Published on March 27th, 2013 | by Jake Richardson2
Kenyan Ambassador To Speak At New York Geothermal Conference
March 27th, 2013 by Jake Richardson
Elkanah Odembo is Kenya’s ambassador to the United States. (Before taking on this role he worked in philanthropy and social responsibility). On April 11 in New York City at the U.S. and International Geothermal Energy Finance Forum he will be giving a speech about the importance of geothermal development in Kenya. By 2030, there could be as many as 5,000 MW of geothermal power plants in operation.
The one day gathering in NYC will feature updates on geothermal technology, financing new power plants, public and private sector perspectives, practical project management insights, risks and rewards and government policies.
Kenya’s geothermal power potential is at least 7,000 MW and there are over a dozen development projects in some stage of design. Though the development of about 5,000 MW of clean energy may not seem that monumental, it should be noted that currently less than 20% of Kenyans have access to electricity. (At the moment, geothermal provides about 13% of Kenya’s electricity and by 2020, that percentage could be 30.)
Another important point is that burning wood is a major source of energy in Kenya – primarily for cooking – and this prevalent practice results in much deforestation and CO2 emissions. Deforestation reduces rainfall, which further reduces the number of trees and other plants that constitute forests, so there is a vicious cycle culminating in droughts, and loss of biodiversity.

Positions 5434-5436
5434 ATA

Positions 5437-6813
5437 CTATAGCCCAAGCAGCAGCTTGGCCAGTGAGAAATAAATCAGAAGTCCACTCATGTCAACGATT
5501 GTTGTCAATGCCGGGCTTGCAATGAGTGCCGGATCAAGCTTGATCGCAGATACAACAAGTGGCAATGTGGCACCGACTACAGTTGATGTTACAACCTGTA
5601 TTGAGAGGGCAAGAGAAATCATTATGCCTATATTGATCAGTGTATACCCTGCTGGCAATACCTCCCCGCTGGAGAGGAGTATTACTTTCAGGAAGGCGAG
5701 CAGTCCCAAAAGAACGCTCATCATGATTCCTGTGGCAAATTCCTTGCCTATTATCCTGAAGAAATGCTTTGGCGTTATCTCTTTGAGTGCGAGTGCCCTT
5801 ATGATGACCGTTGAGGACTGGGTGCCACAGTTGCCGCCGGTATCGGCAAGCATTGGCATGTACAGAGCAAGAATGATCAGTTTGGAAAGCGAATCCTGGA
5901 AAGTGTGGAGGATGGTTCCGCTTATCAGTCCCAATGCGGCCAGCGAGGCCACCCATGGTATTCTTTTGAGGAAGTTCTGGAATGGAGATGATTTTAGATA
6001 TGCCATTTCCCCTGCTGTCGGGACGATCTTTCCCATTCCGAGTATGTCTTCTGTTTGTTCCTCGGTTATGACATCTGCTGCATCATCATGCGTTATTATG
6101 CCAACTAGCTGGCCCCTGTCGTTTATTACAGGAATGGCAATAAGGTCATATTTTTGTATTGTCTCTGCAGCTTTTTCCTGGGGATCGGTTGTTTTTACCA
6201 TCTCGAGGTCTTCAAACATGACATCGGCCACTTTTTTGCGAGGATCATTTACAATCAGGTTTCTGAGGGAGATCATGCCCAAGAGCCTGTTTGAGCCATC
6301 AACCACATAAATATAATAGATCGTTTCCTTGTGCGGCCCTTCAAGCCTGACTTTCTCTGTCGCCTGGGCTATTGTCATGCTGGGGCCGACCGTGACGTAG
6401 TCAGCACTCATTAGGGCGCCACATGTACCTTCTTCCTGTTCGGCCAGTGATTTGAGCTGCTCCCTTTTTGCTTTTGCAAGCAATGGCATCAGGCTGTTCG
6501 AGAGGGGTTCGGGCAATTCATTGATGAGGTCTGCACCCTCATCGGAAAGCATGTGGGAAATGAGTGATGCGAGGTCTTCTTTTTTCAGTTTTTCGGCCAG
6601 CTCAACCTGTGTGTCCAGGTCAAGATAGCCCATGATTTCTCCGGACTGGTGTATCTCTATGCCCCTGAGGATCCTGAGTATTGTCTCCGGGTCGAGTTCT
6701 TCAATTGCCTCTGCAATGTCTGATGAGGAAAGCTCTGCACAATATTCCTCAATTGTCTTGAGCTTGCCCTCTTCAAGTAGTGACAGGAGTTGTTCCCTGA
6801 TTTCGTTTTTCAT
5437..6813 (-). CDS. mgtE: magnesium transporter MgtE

Wild animals and beautiful natural landscapes are a huge draw for foreign tourists and there may be as many as 100,000 Kenyans employed by the tourist industry or in related jobs. If biodiversity declines, the impact on the national economy could be significant. So, geothermal development is not only about clean energy, it also could become a way of reducing the burning of wood fuel and therefore help conserve forests and biodiversity.
‘Ambassador Odembo represents a country that is working in sync with organizations like the World Bank to fulfill its electricity needs with clean and renewable geothermal energy,’ said GEA Executive Director Karl Gawell. The Geothermal Energy Association (GEA) is made up of U.S. companies who support geothermal energy and are developing geothermal facilities around the world for clean, renewable energy production.
Odembo’ undergraduate degree is in Biology and Sociology, and he has a Master’s in public health.
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